Jennifer Galactica (habituallydaft) wrote in uw,
Jennifer Galactica

from the daily

UW trio first in math contest

By Lauren Graf

Three students presented a problem for mathematics professor James Morrow.

They were too good.

"There were many times that I had to rank them for awards and admissions, so I consulted other faculty, and they still couldn't tell the difference," said Morrow, who teaches the honors advanced calculus sequence.

Sasha Aravkin, Tracy Lovejoy and Casey Schneider-Mizell have shown the world just how good they are. The trio, coached by Morrow, triumphed in an international math competition, outscoring teams from MIT, Yale and UC-Berkeley. The team shared honors with teams from Harvard, Oxford and the University of Electronic Science and Technology in Chengdu, China.

Out of the contest's 599 competing teams, the judges named only seven as "outstanding."

The trio's friendship goes back to the day Aravkin asked to borrow Lovejoy's Gameboy during their days in the middle-school math contest circuit. Lovejoy and Schneider-Mizell, both teaching assistants, currently share an office in Padelford.

Their camaraderie is evident in their dialogue -- they finish each other's sentences and they laugh at things that wouldn't seem funny to outsiders.

This bond was also evident in the trio's contest-winning 20-page paper, which they completed in 96 hours.

The three seniors, asked to design an efficient amusement park line system, devised a model using a Kalman filter -- an adaptive algorithm that took data from previous days to predict the current day's wait time. Morrow, a UW professor since 1969 and winner of the 2003 UW Distinguished Teaching Award, had never heard of a Kalman filter.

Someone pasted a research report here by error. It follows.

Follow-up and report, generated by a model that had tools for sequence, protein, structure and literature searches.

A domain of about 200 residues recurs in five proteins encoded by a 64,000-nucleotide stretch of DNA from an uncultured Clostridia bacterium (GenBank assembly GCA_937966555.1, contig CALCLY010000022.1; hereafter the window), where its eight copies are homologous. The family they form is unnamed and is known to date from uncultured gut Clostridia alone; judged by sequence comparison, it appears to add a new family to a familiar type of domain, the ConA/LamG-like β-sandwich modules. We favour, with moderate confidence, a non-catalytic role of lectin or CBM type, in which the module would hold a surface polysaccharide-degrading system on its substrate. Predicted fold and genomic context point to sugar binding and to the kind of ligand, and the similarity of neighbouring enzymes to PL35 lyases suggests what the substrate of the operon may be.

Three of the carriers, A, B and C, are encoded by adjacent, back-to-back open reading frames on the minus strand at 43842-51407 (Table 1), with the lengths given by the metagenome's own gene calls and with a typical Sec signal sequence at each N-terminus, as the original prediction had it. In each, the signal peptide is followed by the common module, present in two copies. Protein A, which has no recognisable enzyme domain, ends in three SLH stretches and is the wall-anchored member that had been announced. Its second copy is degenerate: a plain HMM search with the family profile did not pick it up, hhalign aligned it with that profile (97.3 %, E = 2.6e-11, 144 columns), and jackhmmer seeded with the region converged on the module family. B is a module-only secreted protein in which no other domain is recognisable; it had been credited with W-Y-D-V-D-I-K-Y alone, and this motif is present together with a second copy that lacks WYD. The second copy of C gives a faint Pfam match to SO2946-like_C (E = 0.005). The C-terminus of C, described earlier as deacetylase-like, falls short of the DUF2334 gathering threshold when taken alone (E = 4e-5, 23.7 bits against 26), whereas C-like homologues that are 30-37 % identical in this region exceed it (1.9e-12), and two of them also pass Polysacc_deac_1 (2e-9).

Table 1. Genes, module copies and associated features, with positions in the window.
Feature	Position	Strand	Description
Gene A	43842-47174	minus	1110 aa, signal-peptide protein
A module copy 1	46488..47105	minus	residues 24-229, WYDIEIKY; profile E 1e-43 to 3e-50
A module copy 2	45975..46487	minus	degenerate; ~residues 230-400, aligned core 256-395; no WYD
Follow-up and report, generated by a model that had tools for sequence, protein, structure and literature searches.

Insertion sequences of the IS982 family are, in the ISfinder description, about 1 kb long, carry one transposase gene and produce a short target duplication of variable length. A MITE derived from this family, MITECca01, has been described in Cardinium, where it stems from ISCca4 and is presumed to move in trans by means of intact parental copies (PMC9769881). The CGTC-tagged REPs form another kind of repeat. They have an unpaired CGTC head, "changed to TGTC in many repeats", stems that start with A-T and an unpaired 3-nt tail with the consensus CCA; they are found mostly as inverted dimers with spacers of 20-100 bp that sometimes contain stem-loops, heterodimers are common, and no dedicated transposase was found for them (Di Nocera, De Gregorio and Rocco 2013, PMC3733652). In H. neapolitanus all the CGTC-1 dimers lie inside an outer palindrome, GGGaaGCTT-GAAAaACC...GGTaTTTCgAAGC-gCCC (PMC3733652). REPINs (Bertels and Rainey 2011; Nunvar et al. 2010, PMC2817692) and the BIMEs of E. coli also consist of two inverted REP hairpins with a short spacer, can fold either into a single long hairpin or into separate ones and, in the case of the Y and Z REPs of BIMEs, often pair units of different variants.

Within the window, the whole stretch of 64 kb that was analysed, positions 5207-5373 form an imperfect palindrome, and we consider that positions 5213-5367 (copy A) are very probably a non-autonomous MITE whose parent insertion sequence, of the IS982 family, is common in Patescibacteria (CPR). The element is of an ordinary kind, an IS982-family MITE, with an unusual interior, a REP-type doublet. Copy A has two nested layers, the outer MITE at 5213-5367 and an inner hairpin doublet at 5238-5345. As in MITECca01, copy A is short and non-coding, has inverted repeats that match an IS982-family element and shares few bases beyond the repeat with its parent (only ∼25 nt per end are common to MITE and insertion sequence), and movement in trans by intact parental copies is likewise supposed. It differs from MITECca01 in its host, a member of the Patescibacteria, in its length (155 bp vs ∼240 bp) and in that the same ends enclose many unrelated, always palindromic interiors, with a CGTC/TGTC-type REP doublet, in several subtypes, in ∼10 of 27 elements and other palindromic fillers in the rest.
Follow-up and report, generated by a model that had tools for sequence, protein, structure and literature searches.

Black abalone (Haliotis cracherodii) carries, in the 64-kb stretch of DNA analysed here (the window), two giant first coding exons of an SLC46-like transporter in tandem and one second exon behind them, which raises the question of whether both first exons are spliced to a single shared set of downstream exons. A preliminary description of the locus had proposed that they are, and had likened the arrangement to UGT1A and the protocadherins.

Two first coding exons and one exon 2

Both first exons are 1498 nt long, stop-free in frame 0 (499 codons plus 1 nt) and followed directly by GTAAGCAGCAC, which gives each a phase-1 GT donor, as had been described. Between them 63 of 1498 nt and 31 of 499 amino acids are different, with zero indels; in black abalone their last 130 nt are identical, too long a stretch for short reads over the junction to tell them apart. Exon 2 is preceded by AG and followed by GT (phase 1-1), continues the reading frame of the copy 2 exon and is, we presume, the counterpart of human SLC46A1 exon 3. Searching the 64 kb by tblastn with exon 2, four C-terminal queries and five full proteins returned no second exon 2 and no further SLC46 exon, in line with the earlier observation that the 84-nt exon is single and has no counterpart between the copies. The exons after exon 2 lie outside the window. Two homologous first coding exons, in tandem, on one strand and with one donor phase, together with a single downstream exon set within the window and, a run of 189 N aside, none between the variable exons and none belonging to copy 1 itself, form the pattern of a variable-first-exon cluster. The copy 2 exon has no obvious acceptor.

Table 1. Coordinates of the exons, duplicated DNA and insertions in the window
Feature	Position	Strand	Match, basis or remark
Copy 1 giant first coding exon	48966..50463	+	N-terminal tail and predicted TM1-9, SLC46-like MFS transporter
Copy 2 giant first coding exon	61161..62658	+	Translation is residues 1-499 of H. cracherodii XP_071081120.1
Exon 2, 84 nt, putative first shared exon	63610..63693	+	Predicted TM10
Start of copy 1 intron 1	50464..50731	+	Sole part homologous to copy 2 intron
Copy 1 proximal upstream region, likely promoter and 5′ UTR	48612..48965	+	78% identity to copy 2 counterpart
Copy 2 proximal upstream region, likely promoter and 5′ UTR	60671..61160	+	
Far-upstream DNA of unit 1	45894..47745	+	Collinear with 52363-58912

Knowing that contest judges valued practical examples of theoretical models, and taking into account the lack of available information on amusement park lines, the team faced a dilemma. They knew they needed a concrete example.

Lovejoy walked to the HUB and counted the number of people in line at Subway and Pagliacci Pizza, put the numbers in a graph and found that the data matched the model.

To Morrow, the team's success is remarkable for two reasons: The three are contest rookies, and this is Morrow's fourth team in the past three years to take top honors.

Morrow has a habit of selecting the best and brightest from his classes to compete in this competition, which is sponsored by the Consortium for Mathematics and its Applications.

Last year, his teams made history. For the first time in the contest's 19 years, one school -- the UW -- took two of the top positions. One of the UW's winners last year, Jeff Giansiracusa, coached this year's Oxford team to victory.

This year's UW team had rejected offers from Morrow to compete in previous years because, according to Morrow, they didn't have the time to commit. The team began studying the format of the competition last fall.

When Morrow posted his students' paper in the math department, faculty were amazed undergraduates wrote the document. Morrow agrees with his colleagues' reaction and adds that he couldn't have done this kind of work when he was an undergraduate.

"I don't know where they came from and I don't know where they're going, but I am blinded by how good they are," Morrow said. "They're the best in the world."

Lovejoy, a math and physics major, has accepted an admissions offer from the UW's graduate school. Aravkin, a math and computer science major, and Schneider-Mizell, a math and physics major, are mulling over various graduate school offers.
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